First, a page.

We are looking at every behaviour aspect we can along with strategies to show the dogs that as ‘leaders’ the owners should be able to come and go as they wish and can be trusted to return. Within their time constraints they will be working on frequent small separations, starting by shutting doors behind them in the house. In addition to behaviour work, we have also been looking at management. Funnily enough, he is fine if left in the car, so maybe a ‘den’ in the shed would help, an old table with the sides covered perhaps. There are a lot of small ideas which, added together, I sincerely hope will help Hercules.

As a normal rule curing separation issues can take a long time, and in this case there simply isn’t time – either from the harm it must be doing to Hercules, the stress to the owners at a difficult time when the lady has to adjust to going back to work as well as organising the baby, and the impact on the neighbours.

I can help you, too, with these problems or any other that you may be having with your dog.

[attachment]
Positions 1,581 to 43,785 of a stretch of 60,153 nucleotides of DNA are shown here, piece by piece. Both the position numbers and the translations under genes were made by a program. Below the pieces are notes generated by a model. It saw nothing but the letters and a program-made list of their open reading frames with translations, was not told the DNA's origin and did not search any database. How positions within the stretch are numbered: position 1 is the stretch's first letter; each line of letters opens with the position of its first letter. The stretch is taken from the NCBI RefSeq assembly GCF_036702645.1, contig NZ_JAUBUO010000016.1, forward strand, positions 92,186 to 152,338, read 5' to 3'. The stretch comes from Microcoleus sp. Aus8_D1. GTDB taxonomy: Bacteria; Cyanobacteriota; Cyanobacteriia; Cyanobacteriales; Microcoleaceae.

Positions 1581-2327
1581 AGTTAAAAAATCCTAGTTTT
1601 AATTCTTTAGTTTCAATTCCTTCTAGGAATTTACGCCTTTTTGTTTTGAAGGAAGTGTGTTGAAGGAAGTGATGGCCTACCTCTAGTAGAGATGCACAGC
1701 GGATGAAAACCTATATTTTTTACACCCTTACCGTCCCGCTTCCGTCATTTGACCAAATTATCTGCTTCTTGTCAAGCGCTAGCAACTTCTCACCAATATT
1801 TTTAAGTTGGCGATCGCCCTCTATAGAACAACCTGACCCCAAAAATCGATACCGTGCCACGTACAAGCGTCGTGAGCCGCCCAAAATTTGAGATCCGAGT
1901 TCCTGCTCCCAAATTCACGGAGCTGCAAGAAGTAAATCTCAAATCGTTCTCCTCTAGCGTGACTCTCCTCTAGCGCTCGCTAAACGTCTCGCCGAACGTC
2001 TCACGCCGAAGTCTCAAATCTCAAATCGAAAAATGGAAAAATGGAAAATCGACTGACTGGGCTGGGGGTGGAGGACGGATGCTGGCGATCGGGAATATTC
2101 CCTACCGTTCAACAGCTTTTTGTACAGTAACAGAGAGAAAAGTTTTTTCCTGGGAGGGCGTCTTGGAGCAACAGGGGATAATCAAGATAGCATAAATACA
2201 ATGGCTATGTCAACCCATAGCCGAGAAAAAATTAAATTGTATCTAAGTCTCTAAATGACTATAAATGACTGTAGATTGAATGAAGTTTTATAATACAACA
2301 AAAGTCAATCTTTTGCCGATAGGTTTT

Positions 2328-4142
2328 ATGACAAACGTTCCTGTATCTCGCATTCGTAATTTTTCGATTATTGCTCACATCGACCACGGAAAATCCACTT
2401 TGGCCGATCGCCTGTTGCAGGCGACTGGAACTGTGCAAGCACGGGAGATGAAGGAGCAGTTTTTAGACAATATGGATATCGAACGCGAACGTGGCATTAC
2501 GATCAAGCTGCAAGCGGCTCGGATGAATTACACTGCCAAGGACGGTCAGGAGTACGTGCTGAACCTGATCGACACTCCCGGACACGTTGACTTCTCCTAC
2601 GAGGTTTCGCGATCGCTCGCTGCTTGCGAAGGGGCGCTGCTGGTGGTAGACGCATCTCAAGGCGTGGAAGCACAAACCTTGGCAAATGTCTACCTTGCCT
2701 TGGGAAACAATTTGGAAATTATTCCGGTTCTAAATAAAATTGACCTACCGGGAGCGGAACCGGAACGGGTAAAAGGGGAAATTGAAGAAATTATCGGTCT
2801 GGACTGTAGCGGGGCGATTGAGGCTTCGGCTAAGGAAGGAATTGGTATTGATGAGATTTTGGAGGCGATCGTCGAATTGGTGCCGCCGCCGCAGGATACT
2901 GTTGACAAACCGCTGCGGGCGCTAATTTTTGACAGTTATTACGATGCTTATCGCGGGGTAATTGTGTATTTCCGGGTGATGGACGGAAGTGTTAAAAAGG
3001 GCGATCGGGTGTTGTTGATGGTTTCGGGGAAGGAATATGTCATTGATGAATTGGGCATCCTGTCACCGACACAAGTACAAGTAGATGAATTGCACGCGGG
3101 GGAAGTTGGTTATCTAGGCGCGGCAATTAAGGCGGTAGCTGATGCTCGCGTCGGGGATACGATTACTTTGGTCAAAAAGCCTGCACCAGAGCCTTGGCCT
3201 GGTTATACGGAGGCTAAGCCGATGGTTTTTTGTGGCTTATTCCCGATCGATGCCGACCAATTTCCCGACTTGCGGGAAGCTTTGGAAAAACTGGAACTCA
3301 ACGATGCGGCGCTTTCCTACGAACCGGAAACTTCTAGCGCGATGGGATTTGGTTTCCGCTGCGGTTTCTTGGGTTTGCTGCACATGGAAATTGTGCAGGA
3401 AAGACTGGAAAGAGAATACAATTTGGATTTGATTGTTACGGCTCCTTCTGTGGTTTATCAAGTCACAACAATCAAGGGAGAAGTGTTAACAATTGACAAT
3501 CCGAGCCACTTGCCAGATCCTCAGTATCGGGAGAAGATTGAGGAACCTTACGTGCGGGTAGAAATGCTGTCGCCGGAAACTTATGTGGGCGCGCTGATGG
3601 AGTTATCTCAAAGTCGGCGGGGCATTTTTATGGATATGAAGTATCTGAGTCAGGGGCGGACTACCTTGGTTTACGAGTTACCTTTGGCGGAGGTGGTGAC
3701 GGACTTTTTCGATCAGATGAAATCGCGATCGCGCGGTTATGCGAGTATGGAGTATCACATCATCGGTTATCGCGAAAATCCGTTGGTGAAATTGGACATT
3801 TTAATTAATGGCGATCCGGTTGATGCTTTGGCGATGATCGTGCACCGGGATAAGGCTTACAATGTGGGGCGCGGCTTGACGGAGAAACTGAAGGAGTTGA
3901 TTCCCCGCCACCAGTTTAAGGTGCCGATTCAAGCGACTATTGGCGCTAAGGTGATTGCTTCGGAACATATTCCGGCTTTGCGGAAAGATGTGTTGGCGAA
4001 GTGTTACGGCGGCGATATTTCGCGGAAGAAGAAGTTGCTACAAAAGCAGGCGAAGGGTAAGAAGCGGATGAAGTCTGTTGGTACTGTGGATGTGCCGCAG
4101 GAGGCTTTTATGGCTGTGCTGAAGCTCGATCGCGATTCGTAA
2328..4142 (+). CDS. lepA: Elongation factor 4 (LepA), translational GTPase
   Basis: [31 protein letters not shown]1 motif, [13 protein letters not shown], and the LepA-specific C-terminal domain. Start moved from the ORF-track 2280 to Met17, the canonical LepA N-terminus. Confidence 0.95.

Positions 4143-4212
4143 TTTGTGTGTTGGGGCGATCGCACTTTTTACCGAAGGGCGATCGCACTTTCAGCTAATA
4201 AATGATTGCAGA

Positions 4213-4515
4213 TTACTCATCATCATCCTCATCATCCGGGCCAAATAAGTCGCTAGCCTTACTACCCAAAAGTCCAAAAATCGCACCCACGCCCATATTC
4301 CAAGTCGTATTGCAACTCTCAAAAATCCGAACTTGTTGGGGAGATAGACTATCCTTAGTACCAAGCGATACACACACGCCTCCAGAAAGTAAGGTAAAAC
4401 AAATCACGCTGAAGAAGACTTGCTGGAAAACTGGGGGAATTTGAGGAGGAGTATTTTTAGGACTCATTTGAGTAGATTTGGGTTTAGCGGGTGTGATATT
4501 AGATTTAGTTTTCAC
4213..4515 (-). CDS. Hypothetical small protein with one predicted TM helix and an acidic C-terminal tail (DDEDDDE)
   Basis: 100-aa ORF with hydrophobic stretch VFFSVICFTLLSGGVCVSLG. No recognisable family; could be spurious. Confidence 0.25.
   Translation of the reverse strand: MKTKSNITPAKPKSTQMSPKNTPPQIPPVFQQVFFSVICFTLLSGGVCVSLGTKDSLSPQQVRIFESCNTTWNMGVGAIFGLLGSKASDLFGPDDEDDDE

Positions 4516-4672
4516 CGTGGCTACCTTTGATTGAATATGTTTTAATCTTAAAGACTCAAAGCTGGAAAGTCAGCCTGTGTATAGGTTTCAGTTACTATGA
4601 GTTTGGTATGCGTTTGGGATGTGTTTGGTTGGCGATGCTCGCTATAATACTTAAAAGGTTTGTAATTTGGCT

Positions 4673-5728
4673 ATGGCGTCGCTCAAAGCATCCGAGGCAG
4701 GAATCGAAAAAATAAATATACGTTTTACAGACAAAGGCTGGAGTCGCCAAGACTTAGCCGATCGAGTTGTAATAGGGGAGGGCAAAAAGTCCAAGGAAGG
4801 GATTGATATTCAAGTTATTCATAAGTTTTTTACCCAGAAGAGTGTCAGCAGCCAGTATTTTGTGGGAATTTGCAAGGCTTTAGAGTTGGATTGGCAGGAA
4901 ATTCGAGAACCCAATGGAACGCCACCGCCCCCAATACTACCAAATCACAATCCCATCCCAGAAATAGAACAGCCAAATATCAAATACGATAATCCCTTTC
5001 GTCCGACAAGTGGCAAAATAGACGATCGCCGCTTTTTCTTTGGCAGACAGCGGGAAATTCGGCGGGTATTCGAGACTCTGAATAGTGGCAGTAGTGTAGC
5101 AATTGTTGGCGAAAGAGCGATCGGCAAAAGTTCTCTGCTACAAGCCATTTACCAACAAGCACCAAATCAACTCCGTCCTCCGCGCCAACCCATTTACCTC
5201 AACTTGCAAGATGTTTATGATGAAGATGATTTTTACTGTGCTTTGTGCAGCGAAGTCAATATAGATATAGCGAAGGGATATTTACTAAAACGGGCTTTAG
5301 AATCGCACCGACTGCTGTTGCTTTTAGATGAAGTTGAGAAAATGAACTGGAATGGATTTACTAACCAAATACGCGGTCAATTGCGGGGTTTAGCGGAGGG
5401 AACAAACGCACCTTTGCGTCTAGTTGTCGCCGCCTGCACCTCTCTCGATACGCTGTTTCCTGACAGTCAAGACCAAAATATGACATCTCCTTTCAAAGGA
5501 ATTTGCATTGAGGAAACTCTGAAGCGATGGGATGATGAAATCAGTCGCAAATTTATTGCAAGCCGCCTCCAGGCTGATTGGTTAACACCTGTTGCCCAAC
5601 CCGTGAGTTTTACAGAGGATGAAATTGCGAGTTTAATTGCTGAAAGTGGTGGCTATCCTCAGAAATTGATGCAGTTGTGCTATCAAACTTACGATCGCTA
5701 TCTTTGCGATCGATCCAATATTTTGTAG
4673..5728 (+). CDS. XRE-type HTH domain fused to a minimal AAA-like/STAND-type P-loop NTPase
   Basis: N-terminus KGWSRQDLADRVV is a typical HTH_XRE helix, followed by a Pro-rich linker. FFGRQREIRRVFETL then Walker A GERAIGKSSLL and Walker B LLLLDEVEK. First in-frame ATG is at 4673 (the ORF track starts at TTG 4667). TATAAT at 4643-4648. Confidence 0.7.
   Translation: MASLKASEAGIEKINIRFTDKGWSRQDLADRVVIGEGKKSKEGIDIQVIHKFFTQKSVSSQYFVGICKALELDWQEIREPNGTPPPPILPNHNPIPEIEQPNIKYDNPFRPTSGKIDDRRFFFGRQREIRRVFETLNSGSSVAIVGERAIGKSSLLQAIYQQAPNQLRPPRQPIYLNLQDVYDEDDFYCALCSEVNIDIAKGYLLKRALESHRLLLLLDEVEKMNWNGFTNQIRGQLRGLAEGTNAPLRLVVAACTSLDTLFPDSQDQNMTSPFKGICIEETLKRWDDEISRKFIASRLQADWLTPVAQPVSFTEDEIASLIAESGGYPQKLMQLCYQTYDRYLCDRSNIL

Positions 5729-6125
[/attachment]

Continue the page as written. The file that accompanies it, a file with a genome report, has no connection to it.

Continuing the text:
Weimerana panics when home alone

weimeranaPoor Chloe is a very stressed eighteen month old Wemerana. She has chronic separation problems and because of the damage she has done she is now crated when her owners are out at work. I go to many dogs and even puppies whose owners, having to go to work, are out for eight or more hours a day, and for some dogs this can be a nightmare. Many people unwittingly take on a dog without thinking that it is unatural for a sociable animal to be left alone for too long.  I can also imagine how stressful it must be to be out at work, worrying about the dog you love being frantic and wondering what you will find when you get home.

Separation anxiety is a difficult problem to solve because it has to be done gradually.